Xander is quite angry and needed someone to blame. Glory or doctors will do as far as he was concerned.
Anya does not understand mortality and finds it very distressing. She did not understand what was expected of her or what she was supposed to do.
Giles played the fatherly role and was probably the only character as calm as Tara.
Joyce is dead.
The actors once again showed what they were capable of doing.
Buffy gets the MVP for rescuing Dawn from the vampire. This may not be much, but it was either this or give Nobody a third MVP in a row.
The paramedic figured out that Joyce died of an aneurysm.
This seems like a very unfair Goat, but the aneurysm appeared to be a complication from his surgery. I am a doctor, but the real kind with a Ph.D—not the kind with a medical degree—so I do not know what he could have done better.
I do not know to what extent it was brave of Amber Benson or sadistic of Joss Whedon to put the normal sized Benson next to the very thin Sarah Michelle Gellar in the waiting room during the fourth act.
I like Nikki Stafford's analysis of the different characters representing Elisabeth Kübler-Ross's stages of grieving. In this episode, Dawn would represent Denial. Xander (and Dawn, sort of) would represent Anger. Buffy, with her fantasies about saving Joyce, would represent Bargaining. Anya and Willow would represent Depression. Finally, Tara and Giles represented Acceptance.
I understand that paramedics never declare a person dead unless it is very obvious—such as the body being decapitated or in rigor mortis—and that they would never start CPR only to leave the person and go to another case. However, this being Sunnydale—the land of the mega-high death rate—I can imagine the paramedics being very busy and not spending time on cases in which it was clear that the person is dead despite a lack of a specific criterion used to declare death.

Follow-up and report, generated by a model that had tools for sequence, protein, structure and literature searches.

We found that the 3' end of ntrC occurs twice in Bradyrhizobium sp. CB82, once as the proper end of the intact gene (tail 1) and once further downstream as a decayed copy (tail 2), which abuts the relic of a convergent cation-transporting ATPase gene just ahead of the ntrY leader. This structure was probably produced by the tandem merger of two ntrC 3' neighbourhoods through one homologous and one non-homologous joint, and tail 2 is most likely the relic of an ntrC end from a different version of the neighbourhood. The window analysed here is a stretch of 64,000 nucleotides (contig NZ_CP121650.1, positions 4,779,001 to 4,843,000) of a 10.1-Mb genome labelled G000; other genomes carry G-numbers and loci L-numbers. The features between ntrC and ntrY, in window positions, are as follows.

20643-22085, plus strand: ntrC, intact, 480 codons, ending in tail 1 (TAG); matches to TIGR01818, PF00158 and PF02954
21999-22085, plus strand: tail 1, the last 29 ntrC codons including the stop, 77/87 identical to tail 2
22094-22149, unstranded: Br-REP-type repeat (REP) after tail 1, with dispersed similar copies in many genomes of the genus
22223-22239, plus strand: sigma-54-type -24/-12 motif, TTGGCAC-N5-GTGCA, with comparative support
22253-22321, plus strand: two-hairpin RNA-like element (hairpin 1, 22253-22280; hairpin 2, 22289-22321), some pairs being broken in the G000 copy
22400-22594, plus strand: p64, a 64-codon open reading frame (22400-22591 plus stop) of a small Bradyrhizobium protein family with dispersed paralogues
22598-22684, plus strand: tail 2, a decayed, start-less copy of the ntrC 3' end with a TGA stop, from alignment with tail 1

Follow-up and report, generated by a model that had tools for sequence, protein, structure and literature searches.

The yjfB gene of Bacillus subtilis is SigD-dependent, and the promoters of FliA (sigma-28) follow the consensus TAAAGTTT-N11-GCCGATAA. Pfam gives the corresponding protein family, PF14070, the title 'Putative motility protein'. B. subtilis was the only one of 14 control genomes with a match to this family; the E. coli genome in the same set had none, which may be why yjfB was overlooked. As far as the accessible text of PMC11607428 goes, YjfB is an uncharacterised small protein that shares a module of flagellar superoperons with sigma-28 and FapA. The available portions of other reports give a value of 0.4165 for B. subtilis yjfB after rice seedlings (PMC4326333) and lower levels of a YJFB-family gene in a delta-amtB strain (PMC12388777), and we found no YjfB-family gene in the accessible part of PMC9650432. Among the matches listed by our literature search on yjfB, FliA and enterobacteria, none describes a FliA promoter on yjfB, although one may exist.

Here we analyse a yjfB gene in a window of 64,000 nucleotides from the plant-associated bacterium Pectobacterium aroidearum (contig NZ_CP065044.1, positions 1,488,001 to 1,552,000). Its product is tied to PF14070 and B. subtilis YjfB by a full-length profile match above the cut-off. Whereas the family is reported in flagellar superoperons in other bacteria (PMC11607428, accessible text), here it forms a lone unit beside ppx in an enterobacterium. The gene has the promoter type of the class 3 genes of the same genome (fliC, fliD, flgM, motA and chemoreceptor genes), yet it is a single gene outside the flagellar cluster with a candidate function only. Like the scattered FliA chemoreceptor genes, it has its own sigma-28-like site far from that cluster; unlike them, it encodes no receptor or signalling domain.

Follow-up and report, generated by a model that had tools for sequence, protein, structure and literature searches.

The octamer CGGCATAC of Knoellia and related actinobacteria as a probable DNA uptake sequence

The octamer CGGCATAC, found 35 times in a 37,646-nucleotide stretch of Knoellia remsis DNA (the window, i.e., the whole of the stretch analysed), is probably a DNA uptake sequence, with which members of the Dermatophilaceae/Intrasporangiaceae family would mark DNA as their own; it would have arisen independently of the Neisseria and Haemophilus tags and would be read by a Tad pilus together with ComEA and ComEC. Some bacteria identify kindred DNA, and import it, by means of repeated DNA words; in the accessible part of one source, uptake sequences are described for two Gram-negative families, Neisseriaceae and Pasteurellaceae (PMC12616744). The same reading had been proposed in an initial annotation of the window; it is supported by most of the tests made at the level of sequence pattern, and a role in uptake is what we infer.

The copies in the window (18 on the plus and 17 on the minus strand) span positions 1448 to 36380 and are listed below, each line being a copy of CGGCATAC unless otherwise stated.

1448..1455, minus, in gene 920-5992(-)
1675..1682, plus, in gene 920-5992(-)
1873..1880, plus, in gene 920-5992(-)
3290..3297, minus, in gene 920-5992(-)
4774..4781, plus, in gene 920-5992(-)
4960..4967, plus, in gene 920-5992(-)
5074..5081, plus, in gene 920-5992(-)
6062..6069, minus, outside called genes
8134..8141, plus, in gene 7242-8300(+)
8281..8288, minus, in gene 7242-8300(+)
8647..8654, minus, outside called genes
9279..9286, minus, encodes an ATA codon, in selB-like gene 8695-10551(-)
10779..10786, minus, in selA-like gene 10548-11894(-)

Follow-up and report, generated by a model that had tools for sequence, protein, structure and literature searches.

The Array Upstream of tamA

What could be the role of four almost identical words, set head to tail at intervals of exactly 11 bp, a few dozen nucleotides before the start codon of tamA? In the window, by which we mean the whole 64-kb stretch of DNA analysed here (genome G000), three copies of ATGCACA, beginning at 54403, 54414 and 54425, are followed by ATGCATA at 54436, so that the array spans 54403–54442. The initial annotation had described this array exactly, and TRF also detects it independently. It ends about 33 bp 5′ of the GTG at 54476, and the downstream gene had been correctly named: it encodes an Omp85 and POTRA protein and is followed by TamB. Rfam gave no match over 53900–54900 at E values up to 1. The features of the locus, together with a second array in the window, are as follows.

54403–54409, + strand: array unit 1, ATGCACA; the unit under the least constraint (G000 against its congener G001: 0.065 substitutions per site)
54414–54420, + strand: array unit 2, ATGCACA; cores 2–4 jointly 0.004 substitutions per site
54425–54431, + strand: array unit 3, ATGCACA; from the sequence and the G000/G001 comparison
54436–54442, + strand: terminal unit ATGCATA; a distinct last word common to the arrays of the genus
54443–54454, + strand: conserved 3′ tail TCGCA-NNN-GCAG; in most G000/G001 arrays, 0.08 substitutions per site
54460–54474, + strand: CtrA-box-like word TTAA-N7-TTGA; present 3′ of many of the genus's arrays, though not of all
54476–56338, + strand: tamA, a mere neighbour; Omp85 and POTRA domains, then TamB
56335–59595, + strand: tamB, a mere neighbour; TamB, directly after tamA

There seems to be some debate on whether a doctor would perform an autopsy. My understanding from several sources is that it happens occasionally in California, but it would be a conflict of interest if the doctor treating the patient performed the autopsy. I do not know if it is accepted to the doctor treating the patient to observe an autopsy performed by someone else who never appears on camera in order to save a few bucks from the episode's budget.
The biggest imponderable is why people would care about the above points. This was a great episode and should be appreciated for what it was.
Joyce Summers is a character that could be overlooked easily. She has no MVPs, Sherlock Holmeses, or Goats. She has no kills. Instead, she was a source of stability for Buffy. In lesser hands, she could have simply been the clueless parent, like Buffy's mother in the film Buffy the Vampire Slayer. Instead, even from the beginning, she was a much more complex character. She was a good mother who tried to do what was best for her daughter despite the handicap of having a very independent daughter who did not tell her about being a slayer.